Humor and the Making of Middle Eastern and North African Modernities

Страна: США

Город: Los Angeles

Тезисы до: 23.09.2017

Даты: 29.03.18 — 01.04.18

Область наук: Филологические;

Е-мейл Оргкомитета:,

Организаторы: American Comparative Literature Association


By all accounts, “modernity” is considered a serious discourse, yet does humor have anything to tell us about it? The place of humor within the discourses of modernity in the MENA region remains an understudied topic; moreover, the roles humor – in various folk, literary, and artistic forms and mediums – has played in the making of Middle Eastern and North African discourses of modernity have rarely, if ever, been seriously examined. This panel seeks papers by scholars working in any discipline or interdisciplinary area in the interpretive social sciences and humanities to submit abstracts for area-focused papers that explore the following questions and topics about the modern humorous discourses of the MENA region: (We take humor to be any cultural text created with the aim of producing laughter as part of its reception, regardless of whether that aim is fulfilled.)

  • how modern forms of humor in Middle Eastern and North African countries have been mobilized to initiate and/or respond to transformations in their gender orders, the relation between the private and the public, the states and societies, the local and national cultures, and the national and global communities;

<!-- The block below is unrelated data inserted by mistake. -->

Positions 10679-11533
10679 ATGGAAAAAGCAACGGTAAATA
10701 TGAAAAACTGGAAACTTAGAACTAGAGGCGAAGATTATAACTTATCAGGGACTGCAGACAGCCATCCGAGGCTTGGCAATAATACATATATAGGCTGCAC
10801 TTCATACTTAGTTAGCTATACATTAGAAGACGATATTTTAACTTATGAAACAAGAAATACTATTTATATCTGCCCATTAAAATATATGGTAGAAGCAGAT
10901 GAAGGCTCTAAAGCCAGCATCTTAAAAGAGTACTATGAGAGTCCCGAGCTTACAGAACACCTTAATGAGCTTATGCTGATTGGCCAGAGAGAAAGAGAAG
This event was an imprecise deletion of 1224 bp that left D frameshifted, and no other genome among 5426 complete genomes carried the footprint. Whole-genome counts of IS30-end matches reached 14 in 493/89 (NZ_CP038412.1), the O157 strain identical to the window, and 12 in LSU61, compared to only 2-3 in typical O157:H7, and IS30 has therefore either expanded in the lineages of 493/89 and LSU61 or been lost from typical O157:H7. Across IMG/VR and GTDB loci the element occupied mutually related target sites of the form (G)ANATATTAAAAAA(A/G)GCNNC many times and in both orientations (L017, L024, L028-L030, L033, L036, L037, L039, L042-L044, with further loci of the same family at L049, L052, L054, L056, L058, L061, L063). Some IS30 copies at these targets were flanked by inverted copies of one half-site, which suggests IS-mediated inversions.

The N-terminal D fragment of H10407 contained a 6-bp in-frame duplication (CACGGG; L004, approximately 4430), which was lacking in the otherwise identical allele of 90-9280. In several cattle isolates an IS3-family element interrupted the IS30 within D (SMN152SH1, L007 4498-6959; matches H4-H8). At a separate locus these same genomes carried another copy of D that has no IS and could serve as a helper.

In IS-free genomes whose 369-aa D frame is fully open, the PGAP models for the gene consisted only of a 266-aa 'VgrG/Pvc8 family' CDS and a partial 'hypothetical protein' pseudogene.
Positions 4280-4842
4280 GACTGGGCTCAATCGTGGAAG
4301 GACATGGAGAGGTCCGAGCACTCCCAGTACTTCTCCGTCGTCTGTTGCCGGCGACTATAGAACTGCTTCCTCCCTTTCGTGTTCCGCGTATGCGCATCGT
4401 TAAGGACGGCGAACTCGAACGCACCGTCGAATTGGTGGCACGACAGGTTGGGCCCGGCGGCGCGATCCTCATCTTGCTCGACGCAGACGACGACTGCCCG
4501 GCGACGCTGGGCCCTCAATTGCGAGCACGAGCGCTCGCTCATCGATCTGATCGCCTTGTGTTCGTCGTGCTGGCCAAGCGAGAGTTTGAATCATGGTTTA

• humor and Orientalism; (anti-)Orientalist humor; humor and (de)colonization; postcolonial humor and satire;

  • humor and the collective affect; modernity and self-deprecating humor;

  • the roles which translations and/or adaptations of various forms of humor have played in shaping and directing the discourses of modernity in the Middle East and the Arab world;

  • the traditional and emergent forms of humor and satire on the (social) media; the ways modern and emergent forms of humor in the MENA countries continue, or break with, the classical forms of humor in these countries, and the significance of these continuations and ruptures for discourses of modernity in these countries;

  • the relation of humor to the modern and contemporary sociopolitical movements in the MENA region (e.g., Iranian Constitutional Revolution, the 1979 Iranian Revolution, Iranian Green Movement, the Arab Spring, etc.);

  • modern and emergent forms of Arabic, Turkish, and/or Persian folk and literary humor and its relation to Islam, Islamism, nationalism, and/or liberalism;

  • humor as a discursive and rhetorical tool to define and/or defend modernity;

  • conservative and anti-modern humor; humorous representations and/or contestations of modernity and modernization;

  • humor and the construction of modern social identities (foreign, gendered, sexual, ethnic, racial, religious, etc.);

  • modernity and diasporic humor;

  • comparative, contextual study of MENA region’s humor with a focus on these countries’ discourses of modernity.

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